Back to Research Insights >> Another 40% drop in the property market? Here’s my opinion

‘An economist is an expert who will know tomorrow why the things he predicted yesterday didn’t happen today.’ Laurence J. Peter

Frankly I’m getting pretty sick of the sensationalist media reporting by so-called economists who ‘predict’ what will occur in Australia’s property market in the next 12 months. We’ve been listening to this rubbish for decades. Often their predictions are based on an extremely unlikely combination of economic factors completely failing. These obscene scenarios are unlikely, but they’re reported as the norm and used as scare tactics, targeting the general population.

Let’s take the article which was published by the Daily Telegraph on 21 February as an example. The headline gives an immediate insight into the quality of journalism and the sensationalist approach which was adopted. ‘Let the bloodbath begin’: House prices in Sydney and Melbourne ‘could halve’ in worst crash since 1890s.

The first line tells us that ‘House prices in Sydney and Melbourne could fall by up to 25 percent this year alone. LF Economics founder Lindsay David, who has been warning of the looming property crash for the past five years, said in a report today the recent house price falls were just the beginning.’

Impressively, Mr David predicted a market slow-down during one of Sydney’s and Melbourne’s strongest ever growth periods. If you can’t sense my sarcasm in that statement, it’s there – it doesn’t take a genius to follow the nature of market cycles which see a period of correction after strong periods of growth. These cycles are not just in property but in all aspects of the economy. Markets have corrected at the top of their cycle forever, long before this journalist was born. The reason they fall 10-15% after the peak of a cycle is that they were overvalued when Fear Of Missing Out (FOMO) premiums were being paid by desperate buyers sick of attending months of open homes.

FOMO premiums are a normal occurrence at the peak of a property cycle. Here’s an example of when FOMO occurs. A young couple who has spent over 20 weekends attending open homes and auctions continually being unsuccessful and outbid, they then finally find a house they fall in love with. Recent comparable sales suggest the property has a value of around $900,000, their finance is approved for $1,000,000, so come auction day rather than be outbid, frustration takes over and they pay $980,000 for the property. Fundamentally, they’ve overpaid and that 8.9% premium is what we’d consider the FOMO premium. When a market correction begins this premium is the first to fall away.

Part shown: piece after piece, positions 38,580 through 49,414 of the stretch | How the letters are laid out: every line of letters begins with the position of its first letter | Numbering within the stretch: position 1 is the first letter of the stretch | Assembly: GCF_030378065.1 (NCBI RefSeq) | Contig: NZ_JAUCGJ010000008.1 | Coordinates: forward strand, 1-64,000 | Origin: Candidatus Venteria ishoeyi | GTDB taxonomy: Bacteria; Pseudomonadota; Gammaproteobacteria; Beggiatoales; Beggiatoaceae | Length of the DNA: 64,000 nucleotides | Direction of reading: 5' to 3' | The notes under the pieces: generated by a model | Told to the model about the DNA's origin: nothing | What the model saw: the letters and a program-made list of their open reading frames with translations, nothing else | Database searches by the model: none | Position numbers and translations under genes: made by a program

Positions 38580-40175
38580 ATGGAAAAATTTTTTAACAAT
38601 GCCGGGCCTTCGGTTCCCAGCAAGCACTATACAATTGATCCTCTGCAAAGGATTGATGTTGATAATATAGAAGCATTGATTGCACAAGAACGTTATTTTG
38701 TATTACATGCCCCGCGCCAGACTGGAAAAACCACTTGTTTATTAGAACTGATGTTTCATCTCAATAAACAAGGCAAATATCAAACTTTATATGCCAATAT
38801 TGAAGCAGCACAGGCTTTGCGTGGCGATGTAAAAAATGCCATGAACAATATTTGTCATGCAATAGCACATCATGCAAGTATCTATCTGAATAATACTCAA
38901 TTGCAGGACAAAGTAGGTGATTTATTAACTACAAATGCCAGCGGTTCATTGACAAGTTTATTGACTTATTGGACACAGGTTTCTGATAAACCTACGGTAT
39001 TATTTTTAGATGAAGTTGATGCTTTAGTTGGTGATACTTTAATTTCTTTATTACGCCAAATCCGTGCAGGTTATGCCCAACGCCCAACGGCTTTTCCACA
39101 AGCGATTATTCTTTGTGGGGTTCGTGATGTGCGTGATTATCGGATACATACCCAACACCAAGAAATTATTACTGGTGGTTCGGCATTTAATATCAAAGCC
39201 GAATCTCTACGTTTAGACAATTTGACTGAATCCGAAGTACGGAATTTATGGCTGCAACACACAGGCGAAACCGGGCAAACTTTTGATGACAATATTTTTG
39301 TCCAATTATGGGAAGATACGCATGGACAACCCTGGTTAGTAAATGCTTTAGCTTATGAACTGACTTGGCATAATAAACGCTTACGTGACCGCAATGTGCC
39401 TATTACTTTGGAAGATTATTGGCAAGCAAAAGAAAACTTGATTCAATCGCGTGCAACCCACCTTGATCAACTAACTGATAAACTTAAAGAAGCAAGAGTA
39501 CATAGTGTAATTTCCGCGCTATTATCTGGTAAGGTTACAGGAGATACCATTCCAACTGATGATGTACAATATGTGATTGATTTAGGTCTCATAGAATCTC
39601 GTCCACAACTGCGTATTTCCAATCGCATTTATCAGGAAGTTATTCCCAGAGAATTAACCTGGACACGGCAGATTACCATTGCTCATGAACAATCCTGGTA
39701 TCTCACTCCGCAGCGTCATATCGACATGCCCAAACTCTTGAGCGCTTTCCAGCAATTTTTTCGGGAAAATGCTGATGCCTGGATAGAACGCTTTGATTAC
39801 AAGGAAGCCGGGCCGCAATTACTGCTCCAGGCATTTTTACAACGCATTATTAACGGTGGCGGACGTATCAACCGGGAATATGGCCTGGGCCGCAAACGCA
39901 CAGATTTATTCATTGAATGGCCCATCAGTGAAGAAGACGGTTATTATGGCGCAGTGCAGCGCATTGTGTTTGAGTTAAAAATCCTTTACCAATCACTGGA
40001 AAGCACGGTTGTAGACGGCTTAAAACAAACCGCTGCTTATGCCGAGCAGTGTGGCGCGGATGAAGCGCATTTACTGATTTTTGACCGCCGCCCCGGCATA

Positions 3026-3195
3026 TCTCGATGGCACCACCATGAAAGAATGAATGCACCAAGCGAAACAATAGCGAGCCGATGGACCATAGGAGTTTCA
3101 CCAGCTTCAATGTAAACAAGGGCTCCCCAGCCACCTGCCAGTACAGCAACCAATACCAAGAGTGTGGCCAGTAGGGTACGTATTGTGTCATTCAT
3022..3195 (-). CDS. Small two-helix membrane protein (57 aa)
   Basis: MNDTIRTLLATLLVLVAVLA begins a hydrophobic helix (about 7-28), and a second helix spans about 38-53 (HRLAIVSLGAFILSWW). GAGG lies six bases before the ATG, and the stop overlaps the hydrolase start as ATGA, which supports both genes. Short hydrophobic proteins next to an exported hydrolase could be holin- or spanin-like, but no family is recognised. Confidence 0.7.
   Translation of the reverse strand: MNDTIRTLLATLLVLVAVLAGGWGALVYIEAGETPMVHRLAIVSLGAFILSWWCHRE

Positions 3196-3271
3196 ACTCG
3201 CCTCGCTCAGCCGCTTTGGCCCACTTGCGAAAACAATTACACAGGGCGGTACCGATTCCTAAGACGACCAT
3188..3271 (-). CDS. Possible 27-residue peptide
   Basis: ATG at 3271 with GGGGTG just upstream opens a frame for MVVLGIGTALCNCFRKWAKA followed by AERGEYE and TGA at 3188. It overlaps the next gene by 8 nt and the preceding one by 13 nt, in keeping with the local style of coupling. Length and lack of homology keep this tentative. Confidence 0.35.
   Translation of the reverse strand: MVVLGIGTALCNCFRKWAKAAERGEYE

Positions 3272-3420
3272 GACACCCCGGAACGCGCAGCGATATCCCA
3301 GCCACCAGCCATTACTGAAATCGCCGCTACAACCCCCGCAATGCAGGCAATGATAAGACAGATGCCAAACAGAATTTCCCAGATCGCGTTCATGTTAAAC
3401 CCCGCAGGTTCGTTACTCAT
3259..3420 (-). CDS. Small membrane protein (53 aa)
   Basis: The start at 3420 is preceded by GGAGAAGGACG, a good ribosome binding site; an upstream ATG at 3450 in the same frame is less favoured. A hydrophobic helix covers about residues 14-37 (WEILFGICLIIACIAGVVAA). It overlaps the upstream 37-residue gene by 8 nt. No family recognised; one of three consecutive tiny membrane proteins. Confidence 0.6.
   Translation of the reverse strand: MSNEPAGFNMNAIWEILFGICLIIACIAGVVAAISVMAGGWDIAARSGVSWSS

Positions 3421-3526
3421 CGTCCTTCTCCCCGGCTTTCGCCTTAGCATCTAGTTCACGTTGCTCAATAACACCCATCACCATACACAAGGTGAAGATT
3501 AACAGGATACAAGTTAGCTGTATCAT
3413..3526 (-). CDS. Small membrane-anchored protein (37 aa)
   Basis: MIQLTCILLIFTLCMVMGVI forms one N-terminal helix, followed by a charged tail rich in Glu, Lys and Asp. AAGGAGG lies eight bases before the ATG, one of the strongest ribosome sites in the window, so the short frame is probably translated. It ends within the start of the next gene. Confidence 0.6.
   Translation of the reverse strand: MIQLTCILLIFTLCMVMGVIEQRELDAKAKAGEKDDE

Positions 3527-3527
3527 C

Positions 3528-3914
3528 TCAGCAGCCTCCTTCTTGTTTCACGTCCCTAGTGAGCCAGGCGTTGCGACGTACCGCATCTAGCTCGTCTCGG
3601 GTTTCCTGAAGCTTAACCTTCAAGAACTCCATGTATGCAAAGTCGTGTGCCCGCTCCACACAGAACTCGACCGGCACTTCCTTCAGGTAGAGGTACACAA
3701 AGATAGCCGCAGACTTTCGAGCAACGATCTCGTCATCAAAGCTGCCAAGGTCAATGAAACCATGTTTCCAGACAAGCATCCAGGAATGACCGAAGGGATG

The article continues to discuss Mr David’s prediction where he proceeds to say that he wouldn’t be surprised by a fall of… you guessed it, 40%. This seems to be the figure whenever market crashes are discussed.

Here’s what I have to say. Stop scaring every day Aussies with your sensationalist bullshit. 40% drop! Please. What you’re saying is that Aussies across the country are going to sell their $1,500,000 homes for $900,000, their $1,000,000 homes for $600,000 or their $500,000 homes for $300,000. Wake up. What these economists forget is that there are humans involved. Aussies don’t dump their dreams. This is even more far-fetched when you consider the current economic environment of Australia which is nowhere near as bad as it is being portrayed by these ‘economists’.

I’d like to finish on this point. I have been in this industry for over 20 years. I’ve studied property markets for years beyond that. Markets move in cycles. Unfortunately for us, our growing reliance on technology means we’re constantly drowning in the sensationalist rubbish that is produced by media outlets.

In terms of Lindsay David, he’s one of many who in my 20 years in the industry I’ve actually never heard of. From my perspective his opinion means nothing. Unfortunately, the media just love to latch on to anyone who is stupid enough to make these outlandish predictions. It sells advertising.

2 comments on “Another 40% drop in the property market? Here’s my opinion

  1. Thanks Tony, I have been in the real estate industry for around 32 years now, so I have been through this a number of times now and there is always a similar problem, although we are well and truly in the information age now and that does not help in this instance. I fully share your thoughts and could not have said it better. Those of us within the industry need to take EVERY opportunity to encourage those journalists and media outlets we deal with or come in contact with, to focus on the opportunity, not the problem. I’m not suggesting they say things are going a different direction to which they are not, but at least focus on the opportunity that exist in the marketplace.

    Thanks for your good article.

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